Innovation is no longer merely a buzzword related to transforming business models; it’s imperative for remaining competitive on the world stage. Indeed, Prime Minister Malcolm Turnbull has placed innovation high on his agenda, stressing its importance to Australia’s economic growth.
One major innovation trend is a movement — or, rather, a stampede — to cloud-based, always-on business models that are transforming the way companies serve their customers. The reason for this movement is simple: customers are demanding it.
Consumers and businesses want access to services and resources whenever and wherever it’s convenient for them.
As a result, executives from organisations that have lagged behind the curve are quickly recognising that clinging to legacy business models is no longer an option.
So how can Australian CEOs embrace the promise of today’s digital economy while effectively managing the risk of business disruption?
First, they need to understand that the potential business impact of system downtime is more critical today than ever before. In the past, a temporary outage of a business application was certainly inconvenient but rarely disastrous. For a business that must be on 24/7, any downtime can have major effects. Consider the impact of an outage of a cloud application that handles customer transactions, or a critical security system. Outages in either of these systems could significantly impact that quarter’s revenue, in addition to customer and market perceptions of that business and brand; perceptions that could take a long time and a lot of investment to rebuild.
Second, executives need to recognise the strategic role that availability plays in today’s business world. In the past, CEOs didn’t worry too much about what was happening down in the data centre; that was IT’s problem. However, in today’s digital economy, data is the coin of the realm and digital systems are the crown jewels. This makes system availability — and hence business resilience — a matter of strategic importance for success.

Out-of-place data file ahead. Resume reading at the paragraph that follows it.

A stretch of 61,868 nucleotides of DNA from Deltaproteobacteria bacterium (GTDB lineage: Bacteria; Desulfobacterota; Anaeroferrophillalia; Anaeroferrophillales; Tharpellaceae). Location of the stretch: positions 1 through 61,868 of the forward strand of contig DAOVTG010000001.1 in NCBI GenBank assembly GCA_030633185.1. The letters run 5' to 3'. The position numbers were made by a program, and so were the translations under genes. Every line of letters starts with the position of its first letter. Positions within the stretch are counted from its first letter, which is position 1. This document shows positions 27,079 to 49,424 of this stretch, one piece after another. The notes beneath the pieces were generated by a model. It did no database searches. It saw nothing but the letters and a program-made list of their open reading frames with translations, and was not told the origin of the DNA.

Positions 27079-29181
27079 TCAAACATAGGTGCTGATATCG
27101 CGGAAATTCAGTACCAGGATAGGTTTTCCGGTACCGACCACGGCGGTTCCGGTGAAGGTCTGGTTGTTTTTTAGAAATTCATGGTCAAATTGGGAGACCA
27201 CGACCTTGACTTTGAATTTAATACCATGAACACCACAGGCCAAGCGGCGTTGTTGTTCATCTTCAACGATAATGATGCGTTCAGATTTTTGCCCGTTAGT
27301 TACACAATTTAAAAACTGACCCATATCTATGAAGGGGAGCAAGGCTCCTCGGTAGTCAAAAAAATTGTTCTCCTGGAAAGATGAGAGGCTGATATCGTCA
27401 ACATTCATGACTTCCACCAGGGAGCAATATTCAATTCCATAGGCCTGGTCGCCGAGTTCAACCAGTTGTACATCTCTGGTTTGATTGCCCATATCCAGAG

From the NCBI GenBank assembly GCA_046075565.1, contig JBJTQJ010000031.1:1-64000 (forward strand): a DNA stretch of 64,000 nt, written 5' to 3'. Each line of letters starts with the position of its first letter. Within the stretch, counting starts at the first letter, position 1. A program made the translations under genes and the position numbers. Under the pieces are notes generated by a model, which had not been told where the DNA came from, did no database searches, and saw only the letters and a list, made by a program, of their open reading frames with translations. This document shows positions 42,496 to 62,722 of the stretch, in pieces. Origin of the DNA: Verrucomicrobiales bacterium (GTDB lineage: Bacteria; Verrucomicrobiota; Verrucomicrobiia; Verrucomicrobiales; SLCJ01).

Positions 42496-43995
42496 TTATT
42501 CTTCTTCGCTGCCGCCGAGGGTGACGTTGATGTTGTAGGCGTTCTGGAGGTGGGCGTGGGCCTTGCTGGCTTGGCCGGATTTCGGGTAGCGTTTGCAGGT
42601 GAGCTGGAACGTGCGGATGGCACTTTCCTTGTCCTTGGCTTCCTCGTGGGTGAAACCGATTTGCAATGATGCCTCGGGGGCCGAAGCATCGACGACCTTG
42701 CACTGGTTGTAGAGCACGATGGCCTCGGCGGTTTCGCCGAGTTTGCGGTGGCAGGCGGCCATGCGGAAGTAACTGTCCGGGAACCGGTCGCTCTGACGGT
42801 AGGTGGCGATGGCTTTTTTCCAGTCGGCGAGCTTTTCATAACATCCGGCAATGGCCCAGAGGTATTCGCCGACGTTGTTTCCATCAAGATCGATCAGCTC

Which industries will be at the forefront of Australia’s business model transformation?
Financial services is one example of a typically legacy-based industry that is recognising the necessity of becoming more innovation-focused in order to have a role in the world’s economy. In fact, a recent report by Deloitte and the World Economic Forum entitled The Future of Financial Services identifies eleven “critical clusters” of innovation that are needed to drive the financial services industry forward. The report states that winning organisations will be those that manage the transition to new business models that maximise value to customers in the form of greater agility, simplicity and trust. These are core characteristics of today’s best businesses.
Making that transition means financial services executives need to rethink the systems that support business operations. A 2012 report by the Reserve Bank points to legacy systems as a key source of operational risk for the financial services industry. Perennial underinvestment in the payments infrastructure has created complex, highly interdependent systems that are vulnerable to failures that can disrupt business. This is not an isolated risk. In 2014, downtime and data loss cost Australian businesses US$55 billion. Also in 2014, a staggering 64% of enterprises surveyed experienced data loss or downtime, and 76% were not confident in their ability to recover after a disruption. For the 24/7 business, this degree of downtime is unsustainable.
Ultimately, for CEOs across the industry spectrum, making the leap to an always-on business model is not a question of ‘if’ but ‘when.’
Digital commerce is a service that consumers expect to be there whenever they are ready to use it, and with competitors just a click away, executives cannot risk losing transactions due to system downtime. Placing availability and resilience at the core of your innovation strategy is crucial to ensure your business is up and running when it needs to be, which is all the time.